By David Tinsley, Technical Editor
German industry is doing much to advance the development and application of fuel cell technology, and is responsible for many of the initiatives launched so far in the marine sector. Although skeptics in the commercial shipping domain discount the chances of a substantial uptake of fuel cell power aboard mercantile traders in the foreseeable future, there is a growing realization of the long-term possibilities offered by the technology, albeit in specialized areas. Use in auxiliary plant may hold out certain opportunities in some types of vessel.
Minimal environmental impact, due to an absence of the noxious emissions produced by internal combustion engines, plus quiet, vibration-free running and high thermal efficiency are characteristics of fuel cells that are of interest to sectors of the marine market.
In the meantime, Howaldtswerke-Deutsche Werft (HDW) has been commercially vindicated in its bold move to adopt fuel cell technology as the basis for the air-independent propulsion (AIP) system in a new generation of submarines. The newly-built U31, the first of four 212A-class boats ordered by the German Navy
, is the world's first submarine incorporating a fuel cell plant for silent, submerged propulsion, complementing the main, conventional diesel-electric propulsion system. The AIP consists of nine PEM (polymer electrolyte membrane) fuel cells, providing between 30-kW and 50-kW apiece, with oxygen and hydrogen storage.
Although U31 is only just coming into commission, the hybrid powering concept using fuel cells has already drawn wide approbation, to the extent that contracts have now been secured for fuel cell-equipped, newbuild submarines for the Italian, Greek, South Korean and Portuguese navies, along with retrofit installations in an existing series of Greek boats.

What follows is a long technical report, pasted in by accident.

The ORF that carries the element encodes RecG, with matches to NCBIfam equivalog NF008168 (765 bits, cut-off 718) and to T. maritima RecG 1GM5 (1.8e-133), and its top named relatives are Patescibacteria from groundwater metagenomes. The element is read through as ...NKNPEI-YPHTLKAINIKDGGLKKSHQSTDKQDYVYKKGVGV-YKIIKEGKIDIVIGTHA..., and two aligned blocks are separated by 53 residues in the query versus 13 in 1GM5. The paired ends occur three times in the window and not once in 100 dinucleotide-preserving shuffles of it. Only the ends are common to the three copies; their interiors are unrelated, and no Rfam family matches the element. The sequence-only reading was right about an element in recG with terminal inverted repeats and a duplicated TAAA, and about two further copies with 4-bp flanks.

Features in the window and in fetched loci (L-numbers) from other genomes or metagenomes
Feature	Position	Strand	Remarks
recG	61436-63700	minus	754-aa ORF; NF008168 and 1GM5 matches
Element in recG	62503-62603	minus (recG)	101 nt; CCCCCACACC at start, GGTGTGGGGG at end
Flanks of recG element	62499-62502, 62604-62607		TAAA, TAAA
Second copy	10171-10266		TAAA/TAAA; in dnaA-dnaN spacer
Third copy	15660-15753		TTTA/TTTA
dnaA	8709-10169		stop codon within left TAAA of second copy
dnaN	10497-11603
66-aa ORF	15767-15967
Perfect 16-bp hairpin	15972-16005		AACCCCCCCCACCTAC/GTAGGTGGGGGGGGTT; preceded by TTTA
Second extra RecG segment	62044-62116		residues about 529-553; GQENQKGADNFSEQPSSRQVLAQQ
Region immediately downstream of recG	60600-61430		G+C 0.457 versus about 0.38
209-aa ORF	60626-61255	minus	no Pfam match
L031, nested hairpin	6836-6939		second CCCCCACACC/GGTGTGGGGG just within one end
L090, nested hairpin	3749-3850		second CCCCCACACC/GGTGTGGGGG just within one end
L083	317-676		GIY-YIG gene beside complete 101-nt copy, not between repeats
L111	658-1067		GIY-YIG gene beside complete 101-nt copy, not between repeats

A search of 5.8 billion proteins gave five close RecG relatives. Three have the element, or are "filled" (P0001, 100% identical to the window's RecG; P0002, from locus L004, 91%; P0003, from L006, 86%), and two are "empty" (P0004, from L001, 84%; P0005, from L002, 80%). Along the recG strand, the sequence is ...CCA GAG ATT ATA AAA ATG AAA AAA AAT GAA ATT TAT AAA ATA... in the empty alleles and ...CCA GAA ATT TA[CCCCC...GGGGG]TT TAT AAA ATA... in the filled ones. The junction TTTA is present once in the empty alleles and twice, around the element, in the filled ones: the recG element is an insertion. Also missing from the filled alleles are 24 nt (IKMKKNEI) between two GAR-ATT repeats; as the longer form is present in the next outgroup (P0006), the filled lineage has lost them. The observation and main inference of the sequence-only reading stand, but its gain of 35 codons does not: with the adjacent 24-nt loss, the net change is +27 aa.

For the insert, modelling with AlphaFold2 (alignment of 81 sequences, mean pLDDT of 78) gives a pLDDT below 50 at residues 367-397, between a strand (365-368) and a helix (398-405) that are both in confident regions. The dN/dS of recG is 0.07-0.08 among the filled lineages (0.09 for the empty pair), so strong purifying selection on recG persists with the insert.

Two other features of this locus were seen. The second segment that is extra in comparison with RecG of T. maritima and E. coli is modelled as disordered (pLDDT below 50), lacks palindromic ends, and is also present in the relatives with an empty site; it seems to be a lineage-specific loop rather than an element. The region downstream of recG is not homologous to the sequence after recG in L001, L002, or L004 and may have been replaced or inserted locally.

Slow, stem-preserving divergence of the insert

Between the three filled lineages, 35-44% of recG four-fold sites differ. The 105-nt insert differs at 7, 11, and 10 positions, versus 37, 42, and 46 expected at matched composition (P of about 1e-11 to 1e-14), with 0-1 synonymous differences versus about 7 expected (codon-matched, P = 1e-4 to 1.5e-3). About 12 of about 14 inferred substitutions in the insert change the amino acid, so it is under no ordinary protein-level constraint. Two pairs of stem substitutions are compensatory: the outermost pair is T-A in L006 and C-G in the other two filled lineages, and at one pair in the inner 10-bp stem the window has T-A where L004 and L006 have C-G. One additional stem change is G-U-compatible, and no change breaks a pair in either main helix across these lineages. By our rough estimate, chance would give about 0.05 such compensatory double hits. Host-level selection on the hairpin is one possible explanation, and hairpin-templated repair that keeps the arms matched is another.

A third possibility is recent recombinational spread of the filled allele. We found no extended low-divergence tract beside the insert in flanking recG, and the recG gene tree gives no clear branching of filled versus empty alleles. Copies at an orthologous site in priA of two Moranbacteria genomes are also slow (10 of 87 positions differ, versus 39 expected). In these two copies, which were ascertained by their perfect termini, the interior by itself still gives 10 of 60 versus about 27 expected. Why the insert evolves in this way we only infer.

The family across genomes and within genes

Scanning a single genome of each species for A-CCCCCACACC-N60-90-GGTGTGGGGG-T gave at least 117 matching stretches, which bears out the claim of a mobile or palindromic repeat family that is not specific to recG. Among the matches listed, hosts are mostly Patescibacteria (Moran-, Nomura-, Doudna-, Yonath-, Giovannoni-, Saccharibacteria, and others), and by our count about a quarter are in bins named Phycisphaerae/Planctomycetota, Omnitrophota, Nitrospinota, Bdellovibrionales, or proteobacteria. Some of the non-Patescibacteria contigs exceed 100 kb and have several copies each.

The quiet-running hydrogen fuel cell-based, atmospheric air-independent propulsion system not only makes it more difficult for the submarine to be detected, but also enables the boat to stay submerged for longer periods. Development and construction of the 212A-class, following on from the successful 209 type, was entrusted by the German navy to HDW and Emden builder Nordseewerke, two of the three partners in the German Submarine Consortium.
Cooperation between the German and Italian defense ministries in submarine procurement has led to the design being licensed to Fincantieri for two 212A newbuilds for the Italian Navy. In addition, the convincing benefits of fuel cell-propulsion have led to orders for a follow-on design, the Type 214,
from Greece and Korea. The first of four Greek 214s was launched in April this year at HDW's Kiel premises, and the subsequent three newb
uilds have been entrusted to Hellenic Shipyards, HDW's Greek subsidiary. Three Type 214s for service with the South Korean Navy
are to be built by Hyundai Heavy
Industries. The performance of the AIP system in the 214 design has been increased with two Siemens PEM fuel cells producing 120-kW per module. The German Submarine Consortium, which includes Ferrostaal of Essen besides HDW and Nordseewerke, has also this year landed a contract calling for two 209PN-class submarines, plus an option on a third vessel. As with the 212A and 214 types, the 209PN employs air-independent propulsion arrangements founded on fuel cells.
In addition, HDW has opened the way to retrofitting class 209 conventional submarines with fuel cell propulsion. The Greek Navy has seized the opportunity, and has entrusted refitting of such a system to four of its fleet of eight 209 vessels to Hellenic Shipyards. The project encompasses the supply of Siemens PEM fuel cell modules and the electrical equipment for integration with each boat's existing propulsion system. The modernization project is intended to put the submerged range of the four 209-class submarines, dating from the late 1970s, on a par with that of newbuilds.